Directions for Writing a Mimic Poem
In a mimic poem, the writer is purposely influenced by an established poet. Writing this type of poem is an exercise in copying the rhythm, language, style or subject of another poem. The purpose of creating a mimic poem is to consider all the elements that combine to create a memorable work. Done often enough, a poet might be able to incorporate a specific trait admired in a classic work.
When developing a mimic poem, you should be aware of a few distinctions. A mimic poem, also known as an imitation poem, is an experiment in which you study an existing poem and adopt its form for your own work. A parody is a humorous poem, but it’s more than simply funny. It’s designed to comment upon or lampoon another work. Weird Al Yankovic has made a career of this by rewriting lyrics to popular songs, such as his recent parody of Lady Gaga’s “Born this Way”: “Perform this Way.” In addition, when drawing upon the poetry of others, it’s important to make the distinction between mimicry and plagiarism. A writer of a mimic poem openly admits being influenced by another's poetry. On the other hand, a plagiarist claims the work of others or does not cite the source of inspiration.
To begin your mimic poem, examine it and determine the rhyme scheme. The rhyming patterns of poems are identified by letter; words that rhyme share the same letter, and each set of rhymes adds another letter. For instance, in "Twinkle, Twinkle, Little Star," the rhyme scheme is aabbaa. The pattern of a more sophisticated poem, such as a Shakespearean English sonnet, is abab, cdcd, efef, gg. Note the rhyme scheme of your target poem on the paper or computer page you are composing on so you can continually refer to it.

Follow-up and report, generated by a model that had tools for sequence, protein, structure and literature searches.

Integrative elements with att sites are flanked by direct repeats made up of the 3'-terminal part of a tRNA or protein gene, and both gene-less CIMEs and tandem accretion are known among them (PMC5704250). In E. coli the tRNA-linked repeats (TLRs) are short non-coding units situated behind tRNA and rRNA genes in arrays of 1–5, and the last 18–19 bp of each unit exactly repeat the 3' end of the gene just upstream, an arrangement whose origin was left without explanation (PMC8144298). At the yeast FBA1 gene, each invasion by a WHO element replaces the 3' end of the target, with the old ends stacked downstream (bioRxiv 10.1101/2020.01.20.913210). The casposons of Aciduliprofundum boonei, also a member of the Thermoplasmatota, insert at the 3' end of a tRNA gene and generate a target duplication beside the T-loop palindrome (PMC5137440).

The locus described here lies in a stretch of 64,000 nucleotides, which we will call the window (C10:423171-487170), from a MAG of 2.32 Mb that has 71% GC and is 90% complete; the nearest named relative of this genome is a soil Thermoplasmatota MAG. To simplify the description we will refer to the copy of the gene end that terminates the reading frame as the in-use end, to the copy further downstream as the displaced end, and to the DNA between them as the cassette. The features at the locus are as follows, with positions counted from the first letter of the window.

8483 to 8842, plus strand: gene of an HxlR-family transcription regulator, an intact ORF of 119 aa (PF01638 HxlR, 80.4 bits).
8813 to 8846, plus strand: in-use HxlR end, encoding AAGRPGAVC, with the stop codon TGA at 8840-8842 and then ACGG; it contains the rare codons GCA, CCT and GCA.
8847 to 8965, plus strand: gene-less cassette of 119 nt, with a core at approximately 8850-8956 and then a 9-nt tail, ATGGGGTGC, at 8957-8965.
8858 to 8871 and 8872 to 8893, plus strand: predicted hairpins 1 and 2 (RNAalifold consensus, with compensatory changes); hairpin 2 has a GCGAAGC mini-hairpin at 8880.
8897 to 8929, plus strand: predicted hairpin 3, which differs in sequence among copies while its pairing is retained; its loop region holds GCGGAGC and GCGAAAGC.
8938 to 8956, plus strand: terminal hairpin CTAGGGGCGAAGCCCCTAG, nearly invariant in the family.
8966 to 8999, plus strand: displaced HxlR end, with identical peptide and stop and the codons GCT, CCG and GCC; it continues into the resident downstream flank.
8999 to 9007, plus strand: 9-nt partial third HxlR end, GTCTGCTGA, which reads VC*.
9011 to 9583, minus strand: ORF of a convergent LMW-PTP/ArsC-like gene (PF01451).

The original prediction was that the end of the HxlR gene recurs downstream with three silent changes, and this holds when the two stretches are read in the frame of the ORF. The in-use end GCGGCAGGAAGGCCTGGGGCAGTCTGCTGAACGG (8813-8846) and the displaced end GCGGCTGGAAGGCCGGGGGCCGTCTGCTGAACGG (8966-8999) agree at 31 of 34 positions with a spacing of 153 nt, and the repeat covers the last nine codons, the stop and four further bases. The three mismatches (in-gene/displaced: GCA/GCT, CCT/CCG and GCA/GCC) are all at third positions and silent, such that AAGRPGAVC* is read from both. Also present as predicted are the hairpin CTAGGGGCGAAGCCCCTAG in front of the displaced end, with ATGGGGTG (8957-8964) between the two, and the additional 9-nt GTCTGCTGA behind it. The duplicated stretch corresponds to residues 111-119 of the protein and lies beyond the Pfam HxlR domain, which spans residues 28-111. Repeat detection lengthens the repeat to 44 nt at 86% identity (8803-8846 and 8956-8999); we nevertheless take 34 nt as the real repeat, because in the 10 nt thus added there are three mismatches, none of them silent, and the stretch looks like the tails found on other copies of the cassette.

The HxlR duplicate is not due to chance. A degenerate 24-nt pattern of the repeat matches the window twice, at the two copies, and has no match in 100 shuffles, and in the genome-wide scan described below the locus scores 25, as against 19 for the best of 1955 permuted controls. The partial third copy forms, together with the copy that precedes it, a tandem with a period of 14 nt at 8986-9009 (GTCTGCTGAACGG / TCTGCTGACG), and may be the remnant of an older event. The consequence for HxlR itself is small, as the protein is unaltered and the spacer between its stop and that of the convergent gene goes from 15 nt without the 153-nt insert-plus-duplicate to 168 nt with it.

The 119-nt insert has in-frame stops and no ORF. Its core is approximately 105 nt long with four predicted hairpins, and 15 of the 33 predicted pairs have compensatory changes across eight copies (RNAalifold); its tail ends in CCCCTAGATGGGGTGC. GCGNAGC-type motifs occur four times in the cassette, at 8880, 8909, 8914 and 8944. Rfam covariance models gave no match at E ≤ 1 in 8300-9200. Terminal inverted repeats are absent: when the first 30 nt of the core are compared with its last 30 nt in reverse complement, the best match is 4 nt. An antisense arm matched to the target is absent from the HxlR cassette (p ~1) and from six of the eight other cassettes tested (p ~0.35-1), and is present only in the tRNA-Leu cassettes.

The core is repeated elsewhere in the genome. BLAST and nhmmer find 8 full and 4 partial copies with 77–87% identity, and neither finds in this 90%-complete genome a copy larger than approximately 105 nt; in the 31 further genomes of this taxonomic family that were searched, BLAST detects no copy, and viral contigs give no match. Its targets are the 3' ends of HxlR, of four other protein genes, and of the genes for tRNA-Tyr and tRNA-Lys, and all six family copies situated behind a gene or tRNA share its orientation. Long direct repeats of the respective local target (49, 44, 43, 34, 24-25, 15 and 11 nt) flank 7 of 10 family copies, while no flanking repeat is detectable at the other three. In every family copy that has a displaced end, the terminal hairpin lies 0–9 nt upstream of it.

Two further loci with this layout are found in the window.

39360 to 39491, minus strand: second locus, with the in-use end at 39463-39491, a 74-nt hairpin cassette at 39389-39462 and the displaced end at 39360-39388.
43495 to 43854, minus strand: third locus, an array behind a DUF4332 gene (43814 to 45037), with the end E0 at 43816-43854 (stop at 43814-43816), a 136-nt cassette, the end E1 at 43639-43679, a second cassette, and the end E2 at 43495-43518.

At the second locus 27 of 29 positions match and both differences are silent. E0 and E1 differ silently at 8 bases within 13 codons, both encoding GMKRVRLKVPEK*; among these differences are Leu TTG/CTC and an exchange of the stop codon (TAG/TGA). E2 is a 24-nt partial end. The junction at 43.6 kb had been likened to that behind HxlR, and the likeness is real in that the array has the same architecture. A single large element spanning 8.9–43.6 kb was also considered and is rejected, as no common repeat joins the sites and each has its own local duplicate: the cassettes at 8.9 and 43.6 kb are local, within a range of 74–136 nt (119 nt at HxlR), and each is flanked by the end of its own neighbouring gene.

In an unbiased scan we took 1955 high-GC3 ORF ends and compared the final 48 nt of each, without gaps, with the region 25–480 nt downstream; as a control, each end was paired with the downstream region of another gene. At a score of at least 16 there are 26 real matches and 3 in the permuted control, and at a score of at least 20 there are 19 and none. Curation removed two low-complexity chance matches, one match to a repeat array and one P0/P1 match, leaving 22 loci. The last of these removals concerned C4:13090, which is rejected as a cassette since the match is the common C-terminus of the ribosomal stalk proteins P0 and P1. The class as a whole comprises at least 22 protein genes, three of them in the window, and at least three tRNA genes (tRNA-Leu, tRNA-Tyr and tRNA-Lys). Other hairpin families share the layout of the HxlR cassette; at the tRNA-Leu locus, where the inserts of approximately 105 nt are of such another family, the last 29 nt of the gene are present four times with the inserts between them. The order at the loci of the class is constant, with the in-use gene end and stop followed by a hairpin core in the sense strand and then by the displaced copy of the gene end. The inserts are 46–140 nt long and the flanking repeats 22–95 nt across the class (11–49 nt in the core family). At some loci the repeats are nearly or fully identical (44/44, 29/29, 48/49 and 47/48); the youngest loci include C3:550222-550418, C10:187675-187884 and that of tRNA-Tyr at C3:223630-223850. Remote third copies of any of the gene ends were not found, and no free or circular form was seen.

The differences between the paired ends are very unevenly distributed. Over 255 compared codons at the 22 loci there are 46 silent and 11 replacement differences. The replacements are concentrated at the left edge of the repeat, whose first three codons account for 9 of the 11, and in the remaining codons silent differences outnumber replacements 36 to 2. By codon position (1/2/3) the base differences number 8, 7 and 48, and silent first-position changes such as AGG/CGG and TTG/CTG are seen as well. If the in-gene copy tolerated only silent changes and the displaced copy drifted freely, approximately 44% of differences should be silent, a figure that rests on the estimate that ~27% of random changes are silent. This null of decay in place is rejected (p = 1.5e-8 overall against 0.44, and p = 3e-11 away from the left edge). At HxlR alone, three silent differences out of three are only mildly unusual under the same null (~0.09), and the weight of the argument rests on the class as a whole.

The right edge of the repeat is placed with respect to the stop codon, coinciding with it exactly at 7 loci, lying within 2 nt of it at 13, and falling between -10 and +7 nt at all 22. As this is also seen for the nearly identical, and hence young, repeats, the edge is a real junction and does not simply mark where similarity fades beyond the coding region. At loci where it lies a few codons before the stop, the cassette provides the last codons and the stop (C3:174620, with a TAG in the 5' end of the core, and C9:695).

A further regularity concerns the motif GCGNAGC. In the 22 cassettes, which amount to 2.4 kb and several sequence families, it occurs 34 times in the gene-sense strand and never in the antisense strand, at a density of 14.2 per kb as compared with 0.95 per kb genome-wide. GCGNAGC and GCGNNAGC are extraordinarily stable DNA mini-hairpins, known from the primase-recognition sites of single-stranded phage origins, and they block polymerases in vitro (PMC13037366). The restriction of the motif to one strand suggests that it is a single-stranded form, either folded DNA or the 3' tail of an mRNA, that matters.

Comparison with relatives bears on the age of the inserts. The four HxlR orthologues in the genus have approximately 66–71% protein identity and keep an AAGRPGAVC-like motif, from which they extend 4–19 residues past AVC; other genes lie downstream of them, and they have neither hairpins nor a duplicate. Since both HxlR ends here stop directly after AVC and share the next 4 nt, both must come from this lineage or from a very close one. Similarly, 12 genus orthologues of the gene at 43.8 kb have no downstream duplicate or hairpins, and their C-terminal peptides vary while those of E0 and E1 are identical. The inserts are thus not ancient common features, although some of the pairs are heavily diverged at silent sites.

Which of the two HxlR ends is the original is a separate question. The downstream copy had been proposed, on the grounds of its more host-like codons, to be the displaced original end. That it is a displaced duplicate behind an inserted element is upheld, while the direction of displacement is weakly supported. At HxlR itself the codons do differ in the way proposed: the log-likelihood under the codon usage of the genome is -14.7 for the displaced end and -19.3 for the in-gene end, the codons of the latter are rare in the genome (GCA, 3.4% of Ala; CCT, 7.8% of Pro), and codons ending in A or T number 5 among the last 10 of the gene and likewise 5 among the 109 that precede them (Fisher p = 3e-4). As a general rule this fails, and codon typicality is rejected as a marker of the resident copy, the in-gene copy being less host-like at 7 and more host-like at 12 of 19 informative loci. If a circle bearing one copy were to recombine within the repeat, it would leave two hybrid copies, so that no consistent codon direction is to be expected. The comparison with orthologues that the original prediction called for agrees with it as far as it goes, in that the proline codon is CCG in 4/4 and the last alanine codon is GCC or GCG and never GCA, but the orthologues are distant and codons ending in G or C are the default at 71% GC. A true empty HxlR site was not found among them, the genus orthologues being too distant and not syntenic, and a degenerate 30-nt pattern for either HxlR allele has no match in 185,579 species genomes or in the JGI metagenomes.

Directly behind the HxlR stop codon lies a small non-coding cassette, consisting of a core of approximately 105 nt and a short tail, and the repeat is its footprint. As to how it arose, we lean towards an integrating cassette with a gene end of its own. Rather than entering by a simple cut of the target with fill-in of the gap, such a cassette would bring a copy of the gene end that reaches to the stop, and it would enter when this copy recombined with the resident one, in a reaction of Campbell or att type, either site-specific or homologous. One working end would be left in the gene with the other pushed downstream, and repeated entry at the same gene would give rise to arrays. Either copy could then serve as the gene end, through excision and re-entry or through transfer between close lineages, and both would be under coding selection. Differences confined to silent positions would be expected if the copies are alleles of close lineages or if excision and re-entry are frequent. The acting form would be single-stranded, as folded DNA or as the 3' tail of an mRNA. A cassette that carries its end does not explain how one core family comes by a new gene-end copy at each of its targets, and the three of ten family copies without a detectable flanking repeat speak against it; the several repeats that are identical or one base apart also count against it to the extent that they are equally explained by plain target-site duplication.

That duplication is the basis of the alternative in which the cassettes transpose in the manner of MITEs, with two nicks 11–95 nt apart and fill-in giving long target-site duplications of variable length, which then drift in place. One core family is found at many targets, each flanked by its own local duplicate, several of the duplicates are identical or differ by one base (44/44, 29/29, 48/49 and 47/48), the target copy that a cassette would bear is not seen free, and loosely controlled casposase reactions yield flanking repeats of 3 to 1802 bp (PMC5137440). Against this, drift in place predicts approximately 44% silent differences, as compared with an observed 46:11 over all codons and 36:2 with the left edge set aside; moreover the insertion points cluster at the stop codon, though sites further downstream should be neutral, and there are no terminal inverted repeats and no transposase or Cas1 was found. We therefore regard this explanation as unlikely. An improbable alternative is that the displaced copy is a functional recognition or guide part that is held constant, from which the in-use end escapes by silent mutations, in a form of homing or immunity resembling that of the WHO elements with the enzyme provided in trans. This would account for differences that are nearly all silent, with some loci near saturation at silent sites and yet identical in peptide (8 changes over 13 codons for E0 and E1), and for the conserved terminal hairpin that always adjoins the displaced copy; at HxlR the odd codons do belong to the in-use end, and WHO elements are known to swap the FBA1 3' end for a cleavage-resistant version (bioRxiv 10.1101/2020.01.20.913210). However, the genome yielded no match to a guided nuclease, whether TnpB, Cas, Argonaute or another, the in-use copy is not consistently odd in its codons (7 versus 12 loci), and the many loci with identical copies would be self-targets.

When mimicking a poem, strive to copy its rhythm or meter. Note the location of the stressed and unstressed syllables in each line. For example, falling meter has a stressed syllable followed by one or two unaccented syllables. In English language poetry, the syllabic stress of words is not ordinarily changed, so do not try to force a word to fit in order to copy the meter. Avoid changing the flow of words by altering their stressed syllables unless you see this was purposely done in the poem you are imitating. A helpful technique is to write out the number of syllables for each line, then circle the syllables that are accented.
The poem you select may have other distinctive characteristics for you to mimic. The tone of the original poem -- playful or serious -- can be copied. Language is important; your word selection will be different for a Shakespearean sonnet and a modern poem. A mimic poem might copy an iconic first line -- such as "How do I love thee? Let me count the ways" by Browning -- and then move on to original content. You might need to imitate the imagery that some poets use to create a clear mental picture of the subject, such as Wordsworth's "I wandered lonely as a cloud." Mimic poems may mirror the subject of the original poem, such as love, nature or a dramatic event.
Living in upstate New York, Susan Sherwood is a researcher who has been writing within educational settings for more than 10 years. She has co-authored papers for Horizons Research, Inc. and the Capital Region Science Education Partnership. Sherwood has a Ph.D. in curriculum and instruction from the University at Albany.